They can be grown from grocery potatoes, they’re easy and they’re an exciting one for little ones. With a craft knife you can make a pot that allows for little ones to see the potatoes as they grow and for sneaky harvests in the growing season. They self propagate very easily. Only the tubers are edible.
I usually only try to grow things that are hard to get in the shops, are expensive or taste much better home grown.
Potatoes don’t under usual circumstances fall into any of these categories. The taste of potatoes generally depends on the variety grown. However, I adore potatoes. I adore them as a really tasty carbohydrate, and I adore them because they are prime example of life wanting to survive.
When I was 8, I came across some potatoes that were sprouting. Out of curiosity I planted them in the garden. I was amazed when these massive plants grew. I was even more amazed to see flowers develop into fruits that looked like small green tomatoes (don’t eat these – or anything other than the tubers as they are all poisonous). In the autumn, when I pulled each plant up, there were 5-9 fist sized potatoes. Thus, began my love affair with growing my own. I then proceeded to accidentally inoculate my mum’s whole garden with potatoes over the next few years, as I tried to practice crop rotation. I now know that potatoes will grow back from any tiny potatoes left in the soil, even if they are only the size of a bean.
They basically want to grow. We practice hole composting, which is exactly as it sounds. Dig a hole, dump in kitchen vegetable waste and then cover. This means that potato peel often ends up in the garden and if there is a large enough piece of peel it can grow into a potato plant. We think that all our potato plants will produce Maris piper potatoes because those are generally the potatoes that we buy.
So, with the plants popping up in the garden as weeds, only getting groceries in every 3 weeks in the lockdown and these being a fabulous plant for the wee one to see growing, I felt like it was just meant to be.
How to grow
Now, in June, it is generally too late to buy seed potatoes, which are basically small potatoes that are certified virus free. Potatoes are generally planted March to May in the UK. As it’s late, I would suggest growing baby potatoes. Then again, as it is only early June, you may be able to squeeze in some decent sized potatoes into the growing season.
You can grow potatoes from the ones you get in your groceries. The only difference is that they may not be disease resistant. Find a potato that you like, as the resulting tubers will taste the same. Then chit them. This basically means to leave them somewhere light to grow shoots. It can help to stand them in egg boxes to ensure the end with more eyes is on top, though I’ve never bothered.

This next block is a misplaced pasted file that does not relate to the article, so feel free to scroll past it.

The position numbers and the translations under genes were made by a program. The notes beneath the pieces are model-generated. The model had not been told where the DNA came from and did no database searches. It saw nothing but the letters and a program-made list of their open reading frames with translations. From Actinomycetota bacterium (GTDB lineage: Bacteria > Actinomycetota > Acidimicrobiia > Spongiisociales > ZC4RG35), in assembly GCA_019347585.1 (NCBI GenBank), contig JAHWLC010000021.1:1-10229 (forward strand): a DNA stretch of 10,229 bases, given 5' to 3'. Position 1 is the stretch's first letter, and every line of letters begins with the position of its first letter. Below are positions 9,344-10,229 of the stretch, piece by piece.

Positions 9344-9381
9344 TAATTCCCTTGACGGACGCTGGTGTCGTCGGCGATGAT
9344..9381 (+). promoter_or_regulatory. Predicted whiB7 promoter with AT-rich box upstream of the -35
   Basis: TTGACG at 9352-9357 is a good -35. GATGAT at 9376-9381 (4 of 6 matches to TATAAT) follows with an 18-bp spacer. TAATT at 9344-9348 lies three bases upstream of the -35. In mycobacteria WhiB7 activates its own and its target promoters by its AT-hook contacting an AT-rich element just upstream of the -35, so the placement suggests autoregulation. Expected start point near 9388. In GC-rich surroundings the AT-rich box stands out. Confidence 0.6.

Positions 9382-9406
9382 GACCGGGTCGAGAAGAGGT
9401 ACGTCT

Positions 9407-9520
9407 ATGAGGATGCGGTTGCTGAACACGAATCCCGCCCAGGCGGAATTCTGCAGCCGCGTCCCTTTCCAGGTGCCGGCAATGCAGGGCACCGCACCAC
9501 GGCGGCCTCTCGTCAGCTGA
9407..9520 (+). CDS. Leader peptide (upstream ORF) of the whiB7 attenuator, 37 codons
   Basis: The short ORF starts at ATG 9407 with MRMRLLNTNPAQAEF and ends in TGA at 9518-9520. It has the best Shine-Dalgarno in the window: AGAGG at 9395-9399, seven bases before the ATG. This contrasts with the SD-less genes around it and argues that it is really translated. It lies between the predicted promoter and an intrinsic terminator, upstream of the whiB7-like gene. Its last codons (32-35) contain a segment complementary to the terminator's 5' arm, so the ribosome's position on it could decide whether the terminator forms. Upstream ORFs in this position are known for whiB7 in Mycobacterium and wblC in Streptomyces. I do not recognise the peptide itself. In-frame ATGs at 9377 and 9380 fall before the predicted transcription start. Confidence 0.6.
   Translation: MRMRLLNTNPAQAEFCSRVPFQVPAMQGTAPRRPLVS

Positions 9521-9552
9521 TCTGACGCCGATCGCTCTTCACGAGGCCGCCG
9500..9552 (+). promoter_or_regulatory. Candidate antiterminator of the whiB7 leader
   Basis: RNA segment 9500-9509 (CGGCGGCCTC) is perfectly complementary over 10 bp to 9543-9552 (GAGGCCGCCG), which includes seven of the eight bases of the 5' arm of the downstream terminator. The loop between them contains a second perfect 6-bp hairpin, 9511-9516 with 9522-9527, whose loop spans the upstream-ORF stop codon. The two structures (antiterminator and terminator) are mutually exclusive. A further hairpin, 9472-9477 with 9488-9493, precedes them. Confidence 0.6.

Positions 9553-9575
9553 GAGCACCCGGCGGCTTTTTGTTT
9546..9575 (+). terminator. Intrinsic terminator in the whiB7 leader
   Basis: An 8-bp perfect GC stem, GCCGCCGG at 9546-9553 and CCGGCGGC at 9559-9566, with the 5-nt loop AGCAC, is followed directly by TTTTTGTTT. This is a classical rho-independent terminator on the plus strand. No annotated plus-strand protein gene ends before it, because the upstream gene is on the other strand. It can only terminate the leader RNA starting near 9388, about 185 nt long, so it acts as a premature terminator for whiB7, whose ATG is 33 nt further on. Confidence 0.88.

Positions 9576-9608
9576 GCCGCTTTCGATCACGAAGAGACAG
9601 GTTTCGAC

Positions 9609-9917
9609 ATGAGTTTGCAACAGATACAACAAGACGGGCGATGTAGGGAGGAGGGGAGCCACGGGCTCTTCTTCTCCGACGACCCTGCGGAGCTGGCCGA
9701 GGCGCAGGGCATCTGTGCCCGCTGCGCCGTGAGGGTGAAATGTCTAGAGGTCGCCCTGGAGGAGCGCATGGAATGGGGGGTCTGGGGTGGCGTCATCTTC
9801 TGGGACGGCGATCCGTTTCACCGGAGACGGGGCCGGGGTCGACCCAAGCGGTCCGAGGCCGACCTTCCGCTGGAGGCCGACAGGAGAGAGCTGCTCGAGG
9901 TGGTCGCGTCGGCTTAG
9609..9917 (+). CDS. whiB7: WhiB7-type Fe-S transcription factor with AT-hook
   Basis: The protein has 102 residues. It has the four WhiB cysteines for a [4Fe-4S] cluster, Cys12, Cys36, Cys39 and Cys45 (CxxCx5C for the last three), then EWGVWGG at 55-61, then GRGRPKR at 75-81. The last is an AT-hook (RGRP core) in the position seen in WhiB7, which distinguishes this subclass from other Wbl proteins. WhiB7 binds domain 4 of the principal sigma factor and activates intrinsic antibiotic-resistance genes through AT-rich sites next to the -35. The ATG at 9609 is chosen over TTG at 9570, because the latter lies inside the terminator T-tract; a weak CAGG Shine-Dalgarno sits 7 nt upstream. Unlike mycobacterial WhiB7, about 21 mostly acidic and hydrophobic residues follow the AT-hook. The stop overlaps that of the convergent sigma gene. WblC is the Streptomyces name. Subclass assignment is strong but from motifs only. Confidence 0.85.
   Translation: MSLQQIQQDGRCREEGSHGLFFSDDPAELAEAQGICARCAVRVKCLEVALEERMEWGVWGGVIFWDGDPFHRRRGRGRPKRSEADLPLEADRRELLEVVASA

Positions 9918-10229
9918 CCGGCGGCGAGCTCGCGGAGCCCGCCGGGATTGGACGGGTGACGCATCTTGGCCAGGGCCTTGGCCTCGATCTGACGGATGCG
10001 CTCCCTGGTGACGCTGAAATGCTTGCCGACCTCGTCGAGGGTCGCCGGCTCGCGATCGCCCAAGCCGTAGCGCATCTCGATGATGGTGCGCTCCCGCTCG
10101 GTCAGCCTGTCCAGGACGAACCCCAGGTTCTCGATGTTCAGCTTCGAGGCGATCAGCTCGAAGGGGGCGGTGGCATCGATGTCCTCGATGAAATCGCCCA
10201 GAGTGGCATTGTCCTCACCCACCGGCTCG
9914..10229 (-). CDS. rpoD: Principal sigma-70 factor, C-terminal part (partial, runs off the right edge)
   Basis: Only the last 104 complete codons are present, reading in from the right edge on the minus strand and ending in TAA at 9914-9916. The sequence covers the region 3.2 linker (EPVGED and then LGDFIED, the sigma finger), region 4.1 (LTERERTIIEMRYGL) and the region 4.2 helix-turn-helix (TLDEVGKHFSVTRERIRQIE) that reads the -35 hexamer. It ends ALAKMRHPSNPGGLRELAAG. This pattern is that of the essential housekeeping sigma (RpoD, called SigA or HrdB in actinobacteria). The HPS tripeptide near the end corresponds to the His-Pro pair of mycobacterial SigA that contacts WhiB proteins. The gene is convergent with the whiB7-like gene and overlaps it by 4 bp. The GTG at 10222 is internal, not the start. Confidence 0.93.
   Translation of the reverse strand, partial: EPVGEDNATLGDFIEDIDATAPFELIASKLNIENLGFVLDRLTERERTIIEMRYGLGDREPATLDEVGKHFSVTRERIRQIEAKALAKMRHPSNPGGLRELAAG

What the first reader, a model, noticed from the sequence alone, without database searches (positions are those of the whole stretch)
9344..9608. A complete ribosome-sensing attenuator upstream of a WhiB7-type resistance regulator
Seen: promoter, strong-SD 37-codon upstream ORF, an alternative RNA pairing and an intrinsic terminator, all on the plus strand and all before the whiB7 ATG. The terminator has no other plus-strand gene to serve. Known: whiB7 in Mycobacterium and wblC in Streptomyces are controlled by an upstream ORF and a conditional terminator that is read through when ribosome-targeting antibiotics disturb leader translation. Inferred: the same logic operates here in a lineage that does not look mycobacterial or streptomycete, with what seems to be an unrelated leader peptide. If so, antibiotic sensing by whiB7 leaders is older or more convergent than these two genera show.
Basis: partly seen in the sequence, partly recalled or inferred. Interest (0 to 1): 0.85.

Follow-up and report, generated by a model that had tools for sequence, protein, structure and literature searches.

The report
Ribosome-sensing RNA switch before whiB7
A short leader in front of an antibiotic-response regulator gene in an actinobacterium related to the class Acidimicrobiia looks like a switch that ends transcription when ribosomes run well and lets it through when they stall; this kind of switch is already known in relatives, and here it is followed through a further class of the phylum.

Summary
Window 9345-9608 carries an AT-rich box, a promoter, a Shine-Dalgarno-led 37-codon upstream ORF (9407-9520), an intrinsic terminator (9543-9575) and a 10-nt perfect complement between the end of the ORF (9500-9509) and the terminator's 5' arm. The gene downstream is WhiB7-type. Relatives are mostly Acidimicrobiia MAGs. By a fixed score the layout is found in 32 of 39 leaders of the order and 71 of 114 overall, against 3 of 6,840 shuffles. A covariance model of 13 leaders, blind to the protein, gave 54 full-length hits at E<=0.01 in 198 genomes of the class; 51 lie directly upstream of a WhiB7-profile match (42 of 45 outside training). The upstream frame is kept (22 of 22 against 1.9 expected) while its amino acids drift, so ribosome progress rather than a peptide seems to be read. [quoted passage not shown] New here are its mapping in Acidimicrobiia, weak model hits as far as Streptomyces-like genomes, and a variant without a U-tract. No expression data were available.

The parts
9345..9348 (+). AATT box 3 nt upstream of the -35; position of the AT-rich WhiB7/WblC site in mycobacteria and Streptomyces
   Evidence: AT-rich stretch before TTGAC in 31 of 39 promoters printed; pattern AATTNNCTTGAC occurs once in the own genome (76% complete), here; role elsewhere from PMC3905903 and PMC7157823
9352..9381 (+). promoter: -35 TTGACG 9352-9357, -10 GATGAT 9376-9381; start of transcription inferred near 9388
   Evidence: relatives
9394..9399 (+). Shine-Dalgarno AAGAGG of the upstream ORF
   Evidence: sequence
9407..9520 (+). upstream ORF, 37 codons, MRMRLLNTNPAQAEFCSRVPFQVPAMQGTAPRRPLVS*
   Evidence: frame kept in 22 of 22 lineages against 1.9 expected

Potatoes will grow well in almost any soil, which is probably why they are a very popular crop. They are easy to handle and produce wonderful large harvests. This makes them particularly exciting for kids. Bury your chitted potato about half a foot deep between 30-60cm apart. The difference in distance apart depends on how early you want to dig them up. The earlier you intend to harvest the closer you can grow them. I.e. baby potatoes can be 30cm apart.
I like to grow potatoes in pots as it makes the harvesting easier and I like to use specially made pots that allow harvesting whilst the plant is growing. It’s easy to make your own. Take 2 of the same cheap plastic pot. Cut panels all around the sides of one. Nestle the cut pot inside the other and grow your potatoes inside this double pot.
Some people like to make mounds by gathering soil up to the stem or like to add compost to pots as the plant grows. I just add soil if the potatoes appear at the surface to stop them going green. I find this sometimes happens when I water with a strong spray. Watering is especially important when the tubers start to form. Fertilising when the plants are around a foot tall (when mounding up can be done) can help to give a good sized harvest.
How to harvest
The longer you leave the potato plant to grow, the bigger the tubers tend to be. You can wait for the plant to begin to die back in late autumn. To harvest grasp all the stems of one plant and gently pull and wiggle the potatoes out of the ground. With our heavy clay, large tubers and fragile roots, a couple of the tubers are often left in the ground after pulling. I often cut a potato in half accidentally with a trowel or stab them with a fork as I try to dig these out because I sadly lack X-ray vision.